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Plan to close some access to Gravois Avenue is dead

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Map: Gravois intersections targeted

This is a map of the intersections that the Missouri Department of Transportation proposed in 2015 to be closed along Gravois Avenue in St. Louis. That plan was dropped, MoDOT said Jan. 4, 2016.

A plan fiercely opposed by many residents and businesses to shut off access to Gravois Avenue from some side streets is dead.

Any street closure must be approved by the city’s Board of Aldermen, which didn’t happen, said Andrew Gates, a spokesman for the Missouri Department of Transportation.

So the agency decided to move forward on a road-improvement project that does not include shutting off any side streets.

“There really wasn’t much of an appetite for street closures without a bigger plan for what we’re going to do with Gravois as far as making it more pedestrian-friendly and a safer street,” said Alderman Jack Coatar, whose ward includes a portion of the road.

Alderman Cara Spencer said her ward, which includes the Gravois Park and Dutchtown neighborhoods and is about a square mile in size, has 46 single blocks of one-way streets.

She called for more data collection to determine a plan for making decisions such as which streets are one-ways and get closed, and said pedestrians need more time to safely cross Gravois than they have now.

Because Gravois is a diagonal road that cuts through the standard street grid, side streets often enter Gravois within 50 feet of each other. That means that at intersections with signals, there are six legs of traffic at one intersection instead of the normal four.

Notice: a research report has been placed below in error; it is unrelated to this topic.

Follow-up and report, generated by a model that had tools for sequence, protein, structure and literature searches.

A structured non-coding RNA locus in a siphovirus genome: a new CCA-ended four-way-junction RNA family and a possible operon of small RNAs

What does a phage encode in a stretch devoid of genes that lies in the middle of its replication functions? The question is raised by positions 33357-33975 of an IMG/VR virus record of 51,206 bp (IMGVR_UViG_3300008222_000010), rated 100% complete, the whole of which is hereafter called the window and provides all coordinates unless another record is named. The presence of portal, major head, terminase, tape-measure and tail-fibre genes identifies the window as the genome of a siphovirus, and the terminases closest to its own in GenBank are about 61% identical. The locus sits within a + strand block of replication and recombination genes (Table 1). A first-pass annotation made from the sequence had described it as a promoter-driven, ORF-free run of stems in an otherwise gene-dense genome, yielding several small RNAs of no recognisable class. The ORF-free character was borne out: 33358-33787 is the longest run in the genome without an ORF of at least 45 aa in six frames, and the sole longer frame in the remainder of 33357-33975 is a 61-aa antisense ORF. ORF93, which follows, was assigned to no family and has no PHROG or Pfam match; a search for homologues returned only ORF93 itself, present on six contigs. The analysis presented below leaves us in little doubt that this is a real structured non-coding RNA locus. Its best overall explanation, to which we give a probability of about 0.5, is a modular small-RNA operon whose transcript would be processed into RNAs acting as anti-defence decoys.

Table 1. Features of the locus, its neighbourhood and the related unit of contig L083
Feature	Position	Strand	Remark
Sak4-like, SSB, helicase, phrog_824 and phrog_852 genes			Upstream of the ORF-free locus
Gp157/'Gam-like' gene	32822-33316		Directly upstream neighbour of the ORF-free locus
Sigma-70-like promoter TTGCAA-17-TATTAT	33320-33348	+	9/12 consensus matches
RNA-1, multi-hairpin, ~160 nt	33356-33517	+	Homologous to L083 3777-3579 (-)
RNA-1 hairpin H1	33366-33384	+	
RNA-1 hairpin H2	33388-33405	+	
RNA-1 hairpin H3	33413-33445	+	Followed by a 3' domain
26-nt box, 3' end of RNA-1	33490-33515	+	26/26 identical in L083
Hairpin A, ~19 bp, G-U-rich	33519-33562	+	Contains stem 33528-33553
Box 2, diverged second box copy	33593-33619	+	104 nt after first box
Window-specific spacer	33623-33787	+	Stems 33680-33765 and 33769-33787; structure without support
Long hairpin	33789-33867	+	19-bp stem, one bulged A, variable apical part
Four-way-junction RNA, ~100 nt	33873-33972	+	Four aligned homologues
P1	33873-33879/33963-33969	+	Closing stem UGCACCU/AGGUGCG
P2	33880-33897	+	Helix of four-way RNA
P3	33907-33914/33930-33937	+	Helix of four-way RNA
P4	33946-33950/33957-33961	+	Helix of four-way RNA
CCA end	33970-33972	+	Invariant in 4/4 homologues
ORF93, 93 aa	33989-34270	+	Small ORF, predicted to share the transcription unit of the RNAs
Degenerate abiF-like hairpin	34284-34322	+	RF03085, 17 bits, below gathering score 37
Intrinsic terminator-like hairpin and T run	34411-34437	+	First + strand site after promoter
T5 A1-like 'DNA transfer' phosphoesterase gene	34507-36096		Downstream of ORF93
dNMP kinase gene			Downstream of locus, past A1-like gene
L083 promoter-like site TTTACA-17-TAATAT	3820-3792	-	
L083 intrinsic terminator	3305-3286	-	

MoDOT, which maintains the state-owned road that is part of Highway 30, had said reducing the number of entrances to Gravois would help keep the flow of traffic steadier and reduce the areas where pedestrians have to cross roads along Gravois.

The streets that would have lost access were southbound Tennessee Avenue; southbound Louisiana Avenue; northbound and southbound Pennsylvania Avenue; eastbound and westbound Lynch Street; eastbound and westbound Shenandoah Avenue; and eastbound and westbound Wyoming Street.

Other streets that eventually could have been cut off from Gravois included Juniata Street, Oregon Avenue, Virginia Avenue, Sidney Street and Ann Avenue.

But that doesn’t mean controversy over the future of Gravois is done. The goals of the revised project on the road are to improve signals and repair and resurface the road — and while that work is being done, MoDOT said it can consider changes to striping and signals.

Any mention of changes to lanes on the road, including bike lanes, also has generated disagreement.

An open-house style public meeting will be held from 4 to 7 p.m. on Jan. 12 at the Five Star Senior Center, 2832 Arsenal Street.


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